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What do you do to stop overtrading / manage trades?


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What do you do to stop overtrading / manage trades?

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  #51 (permalink)
miami,florida
 
 
Posts: 28 since Feb 2019
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Can overtrading a SIM account be considered practice ?

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  #52 (permalink)
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ELche View Post
Can overtrading a SIM account be considered practice ?



As we talked about earlier, you need to define “overtrading”. If you are trading compulsively it does not matter if it’s a live account or a Sim account, you will eventually blow up.


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  #53 (permalink)
miami,florida
 
 
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Ok got it. How about trading after you've reach your daily profit goal?

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  #54 (permalink)
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ELche View Post
Ok got it. How about trading after you've reach your daily profit goal?



I consider myself a trader in training. I did opt to go back to Sim trading for training purposes.

I suppose some of it could be considered over trading but I am focused on mental analysis and trading the correct way from a mental and psychological perspective. Opening myself up to what the market is offering and not making typical trading errors is my goal.

The objective is to consistently define risk before each trade, execute entries without reservation or hesitation, quickly except a loss and exit a trade that it is not working. And have a systematic approach to taking profits on trades that are working in my favor.

I still need a few more weeks of training but I have been profitable on a daily basis trading my Sim account and it only took me four times reading through the Mark Douglas book “trading in the zone” to start figuring out what he was talking about.

I have always been a little slow to catch on, but I’m actually starting to believe that a correct way of thinking produces consistent winning.

A free-flowing state of mind is possible, but it is not something that can be forced. It requires training the mind to believe in, and be unafraid of, the uncertainty of price movement.

Having a correct belief system about the uncertain (anything can happen) nature of the market is a counteracting force that eliminates the four basic fears of trading, fear of loss, being wrong, missing out, leaving money on the table.

Without fear of getting in the way, it is much easier to perceive what the market is offering and avoid trading errors like overtrading or trading compulsively.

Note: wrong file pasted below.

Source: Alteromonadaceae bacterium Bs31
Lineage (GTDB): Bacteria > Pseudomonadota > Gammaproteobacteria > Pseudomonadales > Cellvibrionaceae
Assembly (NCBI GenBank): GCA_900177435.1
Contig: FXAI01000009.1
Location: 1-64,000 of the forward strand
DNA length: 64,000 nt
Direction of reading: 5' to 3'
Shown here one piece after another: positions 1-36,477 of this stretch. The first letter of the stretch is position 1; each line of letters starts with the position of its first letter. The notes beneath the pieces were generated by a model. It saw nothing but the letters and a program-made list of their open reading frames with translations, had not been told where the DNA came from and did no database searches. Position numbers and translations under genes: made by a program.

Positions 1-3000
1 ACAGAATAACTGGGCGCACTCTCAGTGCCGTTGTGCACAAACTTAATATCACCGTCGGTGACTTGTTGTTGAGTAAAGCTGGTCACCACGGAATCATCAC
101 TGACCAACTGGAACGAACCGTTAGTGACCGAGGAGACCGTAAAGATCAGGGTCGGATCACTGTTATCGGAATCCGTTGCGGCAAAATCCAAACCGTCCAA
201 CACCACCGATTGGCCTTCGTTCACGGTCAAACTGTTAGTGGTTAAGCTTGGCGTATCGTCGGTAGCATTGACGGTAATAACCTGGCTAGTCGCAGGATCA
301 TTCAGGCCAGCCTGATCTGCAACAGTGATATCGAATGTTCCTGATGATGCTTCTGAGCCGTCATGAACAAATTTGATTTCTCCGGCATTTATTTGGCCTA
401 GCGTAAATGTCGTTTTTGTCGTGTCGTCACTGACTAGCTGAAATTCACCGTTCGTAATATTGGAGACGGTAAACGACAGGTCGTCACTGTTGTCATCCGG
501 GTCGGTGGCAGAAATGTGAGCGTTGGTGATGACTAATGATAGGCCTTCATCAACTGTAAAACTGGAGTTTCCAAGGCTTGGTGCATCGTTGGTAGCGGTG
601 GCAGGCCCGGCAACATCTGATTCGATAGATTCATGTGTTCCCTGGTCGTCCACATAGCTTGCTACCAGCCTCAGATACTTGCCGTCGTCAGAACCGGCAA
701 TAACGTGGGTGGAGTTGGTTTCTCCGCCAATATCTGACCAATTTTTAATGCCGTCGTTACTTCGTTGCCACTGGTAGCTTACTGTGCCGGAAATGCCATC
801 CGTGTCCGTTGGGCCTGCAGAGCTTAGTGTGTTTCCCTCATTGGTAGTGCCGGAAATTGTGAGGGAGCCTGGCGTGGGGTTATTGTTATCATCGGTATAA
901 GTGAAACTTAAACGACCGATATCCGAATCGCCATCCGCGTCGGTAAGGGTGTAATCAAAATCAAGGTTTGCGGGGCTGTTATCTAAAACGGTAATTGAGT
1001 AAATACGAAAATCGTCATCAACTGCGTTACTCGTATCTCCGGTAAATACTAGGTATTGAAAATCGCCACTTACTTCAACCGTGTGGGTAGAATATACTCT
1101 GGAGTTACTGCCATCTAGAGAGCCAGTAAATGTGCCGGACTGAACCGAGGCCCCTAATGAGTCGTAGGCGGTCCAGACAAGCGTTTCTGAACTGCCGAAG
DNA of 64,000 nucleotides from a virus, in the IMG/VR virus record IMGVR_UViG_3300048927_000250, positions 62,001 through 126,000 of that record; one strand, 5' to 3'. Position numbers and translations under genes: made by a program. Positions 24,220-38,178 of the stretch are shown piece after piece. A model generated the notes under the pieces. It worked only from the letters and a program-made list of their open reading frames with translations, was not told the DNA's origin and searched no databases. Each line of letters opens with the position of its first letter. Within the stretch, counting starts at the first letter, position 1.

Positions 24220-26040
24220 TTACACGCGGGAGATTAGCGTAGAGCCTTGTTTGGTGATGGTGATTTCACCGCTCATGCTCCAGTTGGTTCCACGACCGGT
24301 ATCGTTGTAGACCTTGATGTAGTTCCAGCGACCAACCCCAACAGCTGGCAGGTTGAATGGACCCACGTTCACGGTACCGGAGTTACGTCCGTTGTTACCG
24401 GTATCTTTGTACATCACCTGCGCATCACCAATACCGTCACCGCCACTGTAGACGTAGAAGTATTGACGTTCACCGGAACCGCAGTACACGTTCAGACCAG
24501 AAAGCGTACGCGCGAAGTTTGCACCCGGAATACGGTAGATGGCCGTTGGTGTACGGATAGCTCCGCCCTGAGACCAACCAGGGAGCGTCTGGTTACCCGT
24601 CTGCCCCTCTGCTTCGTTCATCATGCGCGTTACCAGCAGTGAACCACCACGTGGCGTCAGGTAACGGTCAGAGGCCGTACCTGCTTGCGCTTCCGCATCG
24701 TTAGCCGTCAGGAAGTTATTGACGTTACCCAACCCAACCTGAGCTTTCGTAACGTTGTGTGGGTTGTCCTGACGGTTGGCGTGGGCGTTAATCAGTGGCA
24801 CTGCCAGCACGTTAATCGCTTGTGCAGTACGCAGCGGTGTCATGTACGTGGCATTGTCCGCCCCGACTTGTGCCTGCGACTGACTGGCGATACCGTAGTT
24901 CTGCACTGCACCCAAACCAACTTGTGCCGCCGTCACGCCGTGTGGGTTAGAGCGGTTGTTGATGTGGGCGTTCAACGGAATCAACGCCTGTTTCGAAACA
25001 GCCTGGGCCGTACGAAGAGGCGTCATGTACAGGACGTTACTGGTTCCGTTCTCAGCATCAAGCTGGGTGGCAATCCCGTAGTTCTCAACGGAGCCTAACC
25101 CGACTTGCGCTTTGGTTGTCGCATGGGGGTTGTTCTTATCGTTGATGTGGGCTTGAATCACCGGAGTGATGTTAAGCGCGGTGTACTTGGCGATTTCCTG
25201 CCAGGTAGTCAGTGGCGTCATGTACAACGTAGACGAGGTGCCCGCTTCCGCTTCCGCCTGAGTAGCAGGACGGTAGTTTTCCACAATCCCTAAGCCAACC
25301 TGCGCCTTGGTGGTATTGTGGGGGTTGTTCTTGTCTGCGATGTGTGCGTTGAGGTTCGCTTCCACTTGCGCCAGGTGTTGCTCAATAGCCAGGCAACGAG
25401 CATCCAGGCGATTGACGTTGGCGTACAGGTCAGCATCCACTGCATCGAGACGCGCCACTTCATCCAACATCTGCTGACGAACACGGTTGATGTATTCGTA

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  #55 (permalink)
Plainview
 
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I like the idea of programming and automating multiple strategies, so the computer enters trades instantaneously when and only when the predetermined conditions occur. Similarly, there are predetermined exit instructions for each strategy which I admit I occasionally (but not often) override, for example if there are unanticipated extraordinary gains that I want to lock in while the market is at a strong resistance level which I expect it will fail to exceed. There are some products on the market which are reasonably priced and can assist you in designing your own strategies. Using such a program, you can incorporate a neural net into the entry conditions for your automated strategies. The neural net will often strongly limit the likelihood of an entry into the market in such a way that the chance of a favorable outcome is significantly increased. This can certainly help to avoid the over-trading issue. Since the computer will determine and execute the entries, you can trade multiple markets at once - only a small percentage of strategies are likely to actually enter a trade on any given day, but the chance of success and an entry into a favorably moving market may be better than you will achieve by closely trying to follow and react to price movement of only one or two markets. Alternatively, you can program your own strategies with entry filters that you create, usually from higher (longer) time frames than the time frame on which you are trading. The computer is much faster than the human being and it never gets distracted, loses concentration, or reacts emotionally , etc.